Sigmund Freud was one of the first prominent intellectuals who endorsed the 1920 theory that "William Shake-Speare" was a pseudonym of Edward de Vere, 17th Earl of Oxford. It is time that psychoanalysts-- and others-- re-examine Freud's theory about Shake-Speare open-mindedly. Those who accept the overwhelming evidence that de Vere wrote the works of Shake-Speare are known as Oxfordians. Psychoanalysts who reach the same conclusion might be called Oxfreudians. 

The premiere review of English literary scholarship, The Year's Work in English Studies, wrote of my 2010 article on the Sonnets: "Inferring  the  sexuality  of  the  sonnets’ author  directly  from  the  sonnets’ speaker,  and  allowing  for  less  poetic  license  than  other  critics,  Waugaman’s  article, ‘The  Bisexuality  of  Shakespeare’s  Sonnets  and  Implications  for  de  Vere’s  Authorship,’ argues  that  ‘the  wish  to  disconnect  art  from  life … is  strongly  influenced  by homophobic  readings  of  Shakespeare.’ "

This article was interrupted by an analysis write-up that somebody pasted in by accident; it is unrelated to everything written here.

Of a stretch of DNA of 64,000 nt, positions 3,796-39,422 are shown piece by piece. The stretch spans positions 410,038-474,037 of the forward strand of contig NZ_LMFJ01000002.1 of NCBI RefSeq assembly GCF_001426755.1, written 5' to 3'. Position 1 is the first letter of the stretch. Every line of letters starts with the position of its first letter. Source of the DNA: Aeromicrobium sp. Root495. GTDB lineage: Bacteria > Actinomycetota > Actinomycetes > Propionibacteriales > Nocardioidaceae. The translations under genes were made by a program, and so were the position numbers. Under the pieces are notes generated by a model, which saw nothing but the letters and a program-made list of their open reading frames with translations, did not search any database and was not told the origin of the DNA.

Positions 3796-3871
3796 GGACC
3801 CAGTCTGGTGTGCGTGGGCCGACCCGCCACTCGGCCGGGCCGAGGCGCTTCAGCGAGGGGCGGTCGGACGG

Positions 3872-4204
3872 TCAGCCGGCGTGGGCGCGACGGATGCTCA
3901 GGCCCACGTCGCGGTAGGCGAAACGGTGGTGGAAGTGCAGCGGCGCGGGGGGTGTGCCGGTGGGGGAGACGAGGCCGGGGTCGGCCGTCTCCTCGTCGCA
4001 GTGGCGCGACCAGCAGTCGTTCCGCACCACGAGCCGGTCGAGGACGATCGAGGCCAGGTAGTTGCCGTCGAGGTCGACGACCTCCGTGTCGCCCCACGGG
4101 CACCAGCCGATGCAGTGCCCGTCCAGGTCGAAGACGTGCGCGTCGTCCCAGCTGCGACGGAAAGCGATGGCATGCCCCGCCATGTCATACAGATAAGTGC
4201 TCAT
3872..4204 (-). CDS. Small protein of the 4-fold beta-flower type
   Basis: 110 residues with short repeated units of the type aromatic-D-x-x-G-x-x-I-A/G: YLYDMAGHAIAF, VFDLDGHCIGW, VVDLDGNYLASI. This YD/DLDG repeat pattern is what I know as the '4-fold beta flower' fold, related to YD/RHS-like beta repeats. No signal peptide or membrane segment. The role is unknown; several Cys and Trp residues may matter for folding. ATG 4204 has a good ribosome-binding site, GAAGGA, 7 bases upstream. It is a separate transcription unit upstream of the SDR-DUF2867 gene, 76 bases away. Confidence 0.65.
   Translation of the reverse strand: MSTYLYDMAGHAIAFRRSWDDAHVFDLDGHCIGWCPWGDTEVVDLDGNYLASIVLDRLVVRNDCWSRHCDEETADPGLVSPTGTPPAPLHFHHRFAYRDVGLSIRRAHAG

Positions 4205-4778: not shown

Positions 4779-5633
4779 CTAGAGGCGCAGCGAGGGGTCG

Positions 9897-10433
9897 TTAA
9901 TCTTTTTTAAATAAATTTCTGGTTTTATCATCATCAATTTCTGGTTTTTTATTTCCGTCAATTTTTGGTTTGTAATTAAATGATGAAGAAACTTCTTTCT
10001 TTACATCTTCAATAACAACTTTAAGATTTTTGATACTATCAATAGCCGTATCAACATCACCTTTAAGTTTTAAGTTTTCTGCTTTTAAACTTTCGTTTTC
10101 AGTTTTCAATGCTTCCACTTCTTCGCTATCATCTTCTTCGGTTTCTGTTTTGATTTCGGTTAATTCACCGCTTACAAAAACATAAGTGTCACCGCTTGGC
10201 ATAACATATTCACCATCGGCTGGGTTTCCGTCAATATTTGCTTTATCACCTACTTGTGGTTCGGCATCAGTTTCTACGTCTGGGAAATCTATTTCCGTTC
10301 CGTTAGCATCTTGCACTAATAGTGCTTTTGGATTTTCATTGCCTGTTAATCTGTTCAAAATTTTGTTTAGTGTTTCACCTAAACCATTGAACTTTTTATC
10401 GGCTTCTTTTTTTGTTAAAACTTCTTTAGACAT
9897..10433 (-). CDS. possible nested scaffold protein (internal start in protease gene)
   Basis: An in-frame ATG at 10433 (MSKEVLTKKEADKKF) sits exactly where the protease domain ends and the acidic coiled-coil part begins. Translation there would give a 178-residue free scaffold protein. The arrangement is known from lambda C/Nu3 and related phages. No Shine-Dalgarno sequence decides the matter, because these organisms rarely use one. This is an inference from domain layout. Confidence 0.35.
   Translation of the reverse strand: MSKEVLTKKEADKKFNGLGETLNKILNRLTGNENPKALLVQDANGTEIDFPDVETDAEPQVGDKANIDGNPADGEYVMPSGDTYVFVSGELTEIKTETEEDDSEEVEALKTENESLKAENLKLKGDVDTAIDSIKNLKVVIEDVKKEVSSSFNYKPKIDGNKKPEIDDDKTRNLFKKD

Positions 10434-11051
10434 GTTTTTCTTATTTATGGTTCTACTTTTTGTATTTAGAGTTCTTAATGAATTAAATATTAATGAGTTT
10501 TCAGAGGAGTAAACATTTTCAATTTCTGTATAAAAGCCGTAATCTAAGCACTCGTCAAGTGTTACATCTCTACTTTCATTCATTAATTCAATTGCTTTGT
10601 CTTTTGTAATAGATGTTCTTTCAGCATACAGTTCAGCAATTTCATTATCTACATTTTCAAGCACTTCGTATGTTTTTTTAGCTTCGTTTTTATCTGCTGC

Much poetic license is needed to reconcile the facts about William Shakspere  of Stratford with the contention that he was the author of the Shake-Speare canon.  I invite you to explore this fascinating topic with an open mind. I include here many of my 100-plus publications on Shake-Speare and the related topic of the psychology of pseudonymity.

I was named the 2021 Oxfordian of the Year by the Shakespeare Oxford Fellowship.

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